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BMC Pediatr. 2017 Jul 24;17(1):173. doi: 10.1186/s12887-017-0925-6.

Brain biomarkers and pre-injury cognition are associated with long-term cognitive outcome in children with traumatic brain injury.

Author information

1
Department of Psychology, University of Toronto, Toronto, Canada. amy.wilkinson@sickkids.ca.
2
Program in Neuroscience & Mental Health, The Hospital for Sick Children, Toronto, Canada. amy.wilkinson@sickkids.ca.
3
Department of Psychology, University of Toronto, Toronto, Canada.
4
Program in Neuroscience & Mental Health, The Hospital for Sick Children, Toronto, Canada.
5
Department of Surgery, University of Toronto, Toronto, Canada.
6
Comprehensive Pediatric Epilepsy Program, Hamilton Health Sciences Corporation, Hamilton, Canada.
7
Department of Diagnostic Imaging, The Hospital for Sick Children, Toronto, Canada.
8
Department of Critical Care Medicine, The Hospital for Sick Children, Toronto, Canada.
9
Division of Pediatric Intensive Care, Department of Pediatrics, Children's Hospital of Hamilton, Hamilton, Canada.
10
Pediatrics, Clinical Neurological Sciences and Epidemiology, Schulich School of Medicine, Western University, London, Canada.
11
Clinical Sciences, Murdoch Children's Research Institute, Melbourne, Australia.
12
Psychological Sciences and Pediatrics, University of Melbourne, Melbourne, Australia.
13
Department of Psychiatry, The Hospital for Sick Children, Toronto, Canada.
14
Program in Neuroscience & Mental Health, The Hospital for Sick Children, Toronto, Canada. jamie.hutchison@sickkids.ca.
15
Department of Critical Care Medicine, The Hospital for Sick Children, Toronto, Canada. jamie.hutchison@sickkids.ca.

Abstract

BACKGROUND:

Children with traumatic brain injury (TBI) are frequently at risk of long-term impairments of attention and executive functioning but these problems are difficult to predict. Although deficits have been reported to vary with injury severity, age at injury and sex, prognostication of outcome remains imperfect at a patient-specific level. The objective of this proof of principle study was to evaluate a variety of patient variables, along with six brain-specific and inflammatory serum protein biomarkers, as predictors of long-term cognitive outcome following paediatric TBI.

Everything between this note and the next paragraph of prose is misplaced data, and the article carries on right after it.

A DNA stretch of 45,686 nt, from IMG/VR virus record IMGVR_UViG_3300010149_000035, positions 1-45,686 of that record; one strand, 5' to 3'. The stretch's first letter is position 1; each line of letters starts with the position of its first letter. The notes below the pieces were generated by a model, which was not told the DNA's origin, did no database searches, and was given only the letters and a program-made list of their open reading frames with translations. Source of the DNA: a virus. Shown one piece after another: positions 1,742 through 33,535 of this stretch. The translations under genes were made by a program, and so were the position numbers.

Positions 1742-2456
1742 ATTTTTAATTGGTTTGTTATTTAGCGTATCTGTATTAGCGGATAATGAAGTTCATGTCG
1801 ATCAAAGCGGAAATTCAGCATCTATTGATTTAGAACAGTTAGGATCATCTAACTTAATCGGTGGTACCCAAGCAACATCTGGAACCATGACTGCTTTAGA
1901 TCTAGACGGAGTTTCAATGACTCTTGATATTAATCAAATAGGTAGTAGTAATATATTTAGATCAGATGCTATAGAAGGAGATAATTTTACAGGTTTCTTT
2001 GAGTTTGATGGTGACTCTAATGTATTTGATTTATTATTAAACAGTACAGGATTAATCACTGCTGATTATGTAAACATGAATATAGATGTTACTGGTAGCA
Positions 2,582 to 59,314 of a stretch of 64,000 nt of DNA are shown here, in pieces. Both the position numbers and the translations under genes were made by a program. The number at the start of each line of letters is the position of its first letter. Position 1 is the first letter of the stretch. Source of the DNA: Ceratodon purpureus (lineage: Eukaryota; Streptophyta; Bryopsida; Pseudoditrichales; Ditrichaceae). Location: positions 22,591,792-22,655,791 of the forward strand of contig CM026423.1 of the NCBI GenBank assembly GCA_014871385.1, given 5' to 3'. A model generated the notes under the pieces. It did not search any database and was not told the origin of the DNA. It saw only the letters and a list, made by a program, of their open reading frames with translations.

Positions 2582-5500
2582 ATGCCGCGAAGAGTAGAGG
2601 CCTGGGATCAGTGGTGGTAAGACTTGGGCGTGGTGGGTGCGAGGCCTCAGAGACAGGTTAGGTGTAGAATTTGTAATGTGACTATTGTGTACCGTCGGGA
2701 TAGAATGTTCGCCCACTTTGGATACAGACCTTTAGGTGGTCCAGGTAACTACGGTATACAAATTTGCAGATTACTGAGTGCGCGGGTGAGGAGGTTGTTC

METHOD:

Outcome was assessed in 23 patients via parent-rated questionnaires related to attention deficit hyperactivity disorder (ADHD) and executive functioning, using the Conners 3rd Edition Rating Scales (Conners-3) and Behaviour Rating Inventory of Executive Function (BRIEF) at a mean time since injury of 3.1 years. Partial least squares (PLS) analyses were performed to identify factors measured at the time of injury that were most closely associated with outcome on (1) the Conners-3 and (2) the Behavioural Regulation Index (BRI) and (3) Metacognition Index (MI) of the BRIEF.

RESULTS:

Higher levels of neuron specific enolase (NSE) and lower levels of soluble neuron cell adhesion molecule (sNCAM) were associated with higher scores on the inattention, hyperactivity/impulsivity and executive functioning scales of the Conners-3, as well as working memory and initiate scales of the MI from the BRIEF. Higher levels of NSE only were associated with higher scores on the inhibit scale of the BRI.

CONCLUSIONS:

NSE and sNCAM show promise as reliable, early predictors of long-term attention-related and executive functioning problems following paediatric TBI.

KEYWORDS:

Attention; Executive functions; Serum biomarkers; Traumatic brain injury

PMID:
28738850
PMCID:
PMC5525296
DOI:
10.1186/s12887-017-0925-6
[Indexed for MEDLINE]
Free PMC Article

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